The policy frameworks for the energy and more particularly the O&G sector provide the
signals about where and how far the Government will go in translating broad political
commitments into specific incentives and disincentives to drive a responsible, sustainable
approach for the sector. They can shape the forthcoming regulatory environment for
responsible business in a number of ways, for example by levelling the playing field,
requiring all businesses to meet the same high social and environmental standards
promised in Myanmars Framework for Economic and Social Reform 128 (FESR).
Alternatively they could make it harder for companies to respect human rights and other
responsible business standards by adopting provisions that deny or undermine human
rights, or by leaving significant gaps that can be filled by either good or bad practice.
The FESR acknowledges that there are hard choices to be made in balancing the
economic, social and environmental issues facing the extractive sector. The FESR
specifically recognises that there will be unavoidable trade-offs for natural resource and
infrastructure projects. It proposes a number of steps as trade-offs: a specific recognition
of trade-offs, early consultations with stakeholders to better understand and address those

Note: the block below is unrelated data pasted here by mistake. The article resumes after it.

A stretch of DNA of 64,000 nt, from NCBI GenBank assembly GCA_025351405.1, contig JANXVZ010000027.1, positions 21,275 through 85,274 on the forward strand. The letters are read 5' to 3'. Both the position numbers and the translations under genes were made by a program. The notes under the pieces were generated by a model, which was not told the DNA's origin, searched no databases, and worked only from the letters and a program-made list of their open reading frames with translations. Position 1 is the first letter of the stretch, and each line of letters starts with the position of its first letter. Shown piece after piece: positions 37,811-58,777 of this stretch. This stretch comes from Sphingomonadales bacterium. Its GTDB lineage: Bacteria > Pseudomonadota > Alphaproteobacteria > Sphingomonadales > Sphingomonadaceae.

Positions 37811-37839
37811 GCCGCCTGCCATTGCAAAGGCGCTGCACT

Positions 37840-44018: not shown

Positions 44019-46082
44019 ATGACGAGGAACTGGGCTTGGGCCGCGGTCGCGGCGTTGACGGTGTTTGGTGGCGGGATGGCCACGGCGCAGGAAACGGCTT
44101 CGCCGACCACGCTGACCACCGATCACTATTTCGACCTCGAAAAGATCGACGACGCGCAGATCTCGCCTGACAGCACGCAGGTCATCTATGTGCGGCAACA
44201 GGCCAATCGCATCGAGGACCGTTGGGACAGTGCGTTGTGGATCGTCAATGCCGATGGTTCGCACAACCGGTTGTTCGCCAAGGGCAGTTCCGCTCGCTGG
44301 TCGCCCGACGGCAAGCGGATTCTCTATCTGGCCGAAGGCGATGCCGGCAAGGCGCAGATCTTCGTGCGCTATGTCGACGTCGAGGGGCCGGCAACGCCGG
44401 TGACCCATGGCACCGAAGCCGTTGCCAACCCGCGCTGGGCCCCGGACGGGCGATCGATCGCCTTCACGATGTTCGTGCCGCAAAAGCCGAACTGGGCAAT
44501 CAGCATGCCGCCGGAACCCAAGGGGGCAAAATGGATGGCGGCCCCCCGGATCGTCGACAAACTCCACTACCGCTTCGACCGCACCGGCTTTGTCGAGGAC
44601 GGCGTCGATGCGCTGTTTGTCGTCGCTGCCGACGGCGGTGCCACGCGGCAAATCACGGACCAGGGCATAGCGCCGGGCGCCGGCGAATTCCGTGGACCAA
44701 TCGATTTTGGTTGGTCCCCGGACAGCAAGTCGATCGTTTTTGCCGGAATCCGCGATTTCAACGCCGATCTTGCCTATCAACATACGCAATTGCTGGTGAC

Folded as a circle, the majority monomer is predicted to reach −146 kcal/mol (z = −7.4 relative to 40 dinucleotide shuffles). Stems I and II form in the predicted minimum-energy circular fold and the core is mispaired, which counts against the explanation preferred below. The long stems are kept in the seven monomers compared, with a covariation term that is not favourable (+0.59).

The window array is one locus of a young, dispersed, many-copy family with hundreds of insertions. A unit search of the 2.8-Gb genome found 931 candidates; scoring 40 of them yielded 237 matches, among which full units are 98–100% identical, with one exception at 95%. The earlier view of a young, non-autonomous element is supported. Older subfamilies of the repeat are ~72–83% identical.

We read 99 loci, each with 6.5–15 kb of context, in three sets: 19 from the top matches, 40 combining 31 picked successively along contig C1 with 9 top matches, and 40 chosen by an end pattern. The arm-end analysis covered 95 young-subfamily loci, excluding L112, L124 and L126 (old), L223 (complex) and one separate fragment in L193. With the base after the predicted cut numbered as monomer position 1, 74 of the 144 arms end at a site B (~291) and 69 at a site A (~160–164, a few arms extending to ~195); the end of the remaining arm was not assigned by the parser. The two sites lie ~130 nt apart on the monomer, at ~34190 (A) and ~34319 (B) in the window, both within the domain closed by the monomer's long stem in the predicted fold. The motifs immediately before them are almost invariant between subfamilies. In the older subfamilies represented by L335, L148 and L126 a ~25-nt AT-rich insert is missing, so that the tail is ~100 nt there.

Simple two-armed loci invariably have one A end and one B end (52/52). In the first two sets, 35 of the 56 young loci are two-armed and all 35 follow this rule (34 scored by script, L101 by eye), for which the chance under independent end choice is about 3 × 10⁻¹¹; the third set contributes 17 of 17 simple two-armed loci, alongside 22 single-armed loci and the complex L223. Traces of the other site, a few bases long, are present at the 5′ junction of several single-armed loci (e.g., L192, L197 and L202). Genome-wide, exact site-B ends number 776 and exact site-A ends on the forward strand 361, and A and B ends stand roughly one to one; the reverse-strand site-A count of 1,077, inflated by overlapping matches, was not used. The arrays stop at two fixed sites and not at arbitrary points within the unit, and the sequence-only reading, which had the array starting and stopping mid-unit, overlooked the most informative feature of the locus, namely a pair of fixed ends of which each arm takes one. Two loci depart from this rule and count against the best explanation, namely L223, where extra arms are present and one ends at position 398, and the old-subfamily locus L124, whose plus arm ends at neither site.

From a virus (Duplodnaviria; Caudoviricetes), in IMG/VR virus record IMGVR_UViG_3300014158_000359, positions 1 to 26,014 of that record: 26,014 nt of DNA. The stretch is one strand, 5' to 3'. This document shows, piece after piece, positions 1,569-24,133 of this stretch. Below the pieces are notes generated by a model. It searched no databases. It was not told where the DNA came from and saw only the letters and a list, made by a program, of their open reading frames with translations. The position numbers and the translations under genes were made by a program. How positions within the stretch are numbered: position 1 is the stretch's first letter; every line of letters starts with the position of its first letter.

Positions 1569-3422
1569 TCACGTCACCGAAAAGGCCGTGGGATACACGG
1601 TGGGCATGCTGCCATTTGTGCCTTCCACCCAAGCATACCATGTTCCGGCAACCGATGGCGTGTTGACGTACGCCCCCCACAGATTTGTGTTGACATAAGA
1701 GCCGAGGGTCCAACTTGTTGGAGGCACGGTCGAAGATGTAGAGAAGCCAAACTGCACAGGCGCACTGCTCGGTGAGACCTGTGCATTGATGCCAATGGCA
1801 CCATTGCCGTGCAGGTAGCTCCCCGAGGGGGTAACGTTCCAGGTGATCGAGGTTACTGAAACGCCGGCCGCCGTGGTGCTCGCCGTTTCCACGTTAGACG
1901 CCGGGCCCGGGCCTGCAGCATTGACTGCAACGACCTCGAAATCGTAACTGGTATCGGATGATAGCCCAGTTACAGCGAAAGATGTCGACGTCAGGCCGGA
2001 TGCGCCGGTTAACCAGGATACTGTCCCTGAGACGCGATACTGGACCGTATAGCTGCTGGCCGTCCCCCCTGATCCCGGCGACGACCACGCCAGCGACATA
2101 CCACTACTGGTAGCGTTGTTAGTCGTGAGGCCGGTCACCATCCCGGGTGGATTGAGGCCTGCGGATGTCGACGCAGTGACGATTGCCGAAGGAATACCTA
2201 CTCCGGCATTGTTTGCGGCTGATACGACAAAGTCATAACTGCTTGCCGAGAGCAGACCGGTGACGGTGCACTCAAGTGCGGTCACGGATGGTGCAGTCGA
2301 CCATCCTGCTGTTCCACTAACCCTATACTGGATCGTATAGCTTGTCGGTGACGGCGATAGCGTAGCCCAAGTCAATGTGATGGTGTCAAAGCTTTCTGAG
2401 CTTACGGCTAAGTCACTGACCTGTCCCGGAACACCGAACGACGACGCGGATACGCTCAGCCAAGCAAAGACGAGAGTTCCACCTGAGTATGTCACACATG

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trade-offs, stricter environmental and social requirements and enhanced transparency.129


The FESR calls for stricter requirements for environmental and social impact assessments
of major projects and programmes that include public participation, with particular
attention to guidelines concerning resettlement, relocation and compensation. These are
important safeguards for policies, administrative processes and projects provided they do
not simply promote a broad-brush utilitarian approach that values and balances trade-offs
based on the greatest good to the greatest numbers at the macro level. Instead, they
should use international standards and good practices to inform processes that lead to
appropriate balancing at the meso- and micro-level of projects, with a view to avoiding or
preventing harms to the greatest extent possible, and where that is not possible, build in
mitigation or compensation steps.
Energy Policy Framework
Myanmars energy strategy for the past few decades has consisted largely of exploiting
O&G reserves for export, rather than domestic use. It is currently developing a new
Energy Policy with support from the ADB. This draws on earlier work from ADB, WEF and
Accenture proposing a New Energy Architecture for Myanmar based on nine months of
multistakeholder consultations. 130 As the ADB project documents note, Myanmar's
energy sector suffers from a lack of an overall energy planning, policy and strategy.
Currently, there is limited and fragmented long-term planning for each energy subsector or
planning in the whole energy sector.131 The project will have two main activities (i) to
prepare the 20-year long-term energy master plan that will include consolidating the